ISRO’s Chandrayaan-2 finds Argon-40 in Moon’s exosphere

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New Delhi | Published: November 1, 2019 5:54:11 PM

CHACE-2, a neutral mass spectrometer based payload can detect lunar exosphere constituents in range of 1-300 atomic mass unit(amu). It has detected 40Ar as part of its earlier mission from the lunar exosphere from a 100km altitude.

Chandrayaan-2 , Moon, lunar exosphere, Argon 40, ISRO , orbiter, Synthetic Aperture Radar, impact cratersCHACE-2 has detected 40Ar as part of its earlier mission from the lunar exosphere from a 100km altitude.

Chandrayaan-2 Orbiter has detected Argon-40 from lunar exosphere through CHACE-2 (Chandrayaan Atmospheric Composition Explorer) payload aboard the spacecraft. ISRO said on Thursday that it detected Argon 40 from an approximate altitude of 100 km. ‘Lunar exosphere’ is the term used to describe a thin gas envelope around the Moon. This is so because gases there are so tenacious that gas atoms collide rarely with each other. A schematic drawing of Argon 40’s formation was also released by ISRO.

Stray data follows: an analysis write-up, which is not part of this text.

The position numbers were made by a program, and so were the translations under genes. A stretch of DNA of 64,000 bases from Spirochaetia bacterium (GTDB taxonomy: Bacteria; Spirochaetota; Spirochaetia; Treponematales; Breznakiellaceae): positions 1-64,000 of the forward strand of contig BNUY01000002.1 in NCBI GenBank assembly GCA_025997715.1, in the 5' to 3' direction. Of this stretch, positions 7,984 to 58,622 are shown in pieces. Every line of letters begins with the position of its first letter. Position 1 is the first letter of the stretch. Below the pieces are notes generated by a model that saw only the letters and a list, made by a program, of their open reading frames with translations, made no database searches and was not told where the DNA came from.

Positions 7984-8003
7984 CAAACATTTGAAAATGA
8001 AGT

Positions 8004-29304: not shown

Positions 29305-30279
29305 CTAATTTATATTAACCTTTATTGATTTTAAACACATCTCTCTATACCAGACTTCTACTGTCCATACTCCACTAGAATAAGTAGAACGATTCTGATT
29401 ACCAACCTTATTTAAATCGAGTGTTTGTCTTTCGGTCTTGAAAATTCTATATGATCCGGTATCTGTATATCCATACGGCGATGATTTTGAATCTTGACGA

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Importance of Argon-40

Argon-40 counts itself among the isotopes of Argon, a noble gas. Originating from radioactive disintegration of Potassium-40 having a half-life of ~1.2 X 109. 40K nuclide which is radioactive present below the surface of the moon disintegrates to 40Ar. Thus, 40Ar diffuses through intergranular space and makes its way up to the exosphere through faults and seepages.

CHACE-2: Neutral Mass Spectrometer

CHACE-2, a neutral mass spectrometer based payload can detect lunar exosphere constituents in range of 1-300 atomic mass unit(amu). It has detected 40Ar as part of its earlier mission from the lunar exosphere from a 100km altitude. Being a condensable gas 40Ar condenses during the lunar night.40Ar starts releasing in the exosphere after lunar dawn.

Impact Craters

ISRO released pictures of impact craters on October 22. These were discovered on the south polar region of the moon and clicked by Chandrayaan 2’s orbiter. They show Synthetic Aperture Radar’s observations on the moon’s surface. The lunar surface owing to bombardment of celestial bodies have a lot of impact craters. They are studied via a powerful remote sensing instrument to gain more knowledge about the Moon’s surface.

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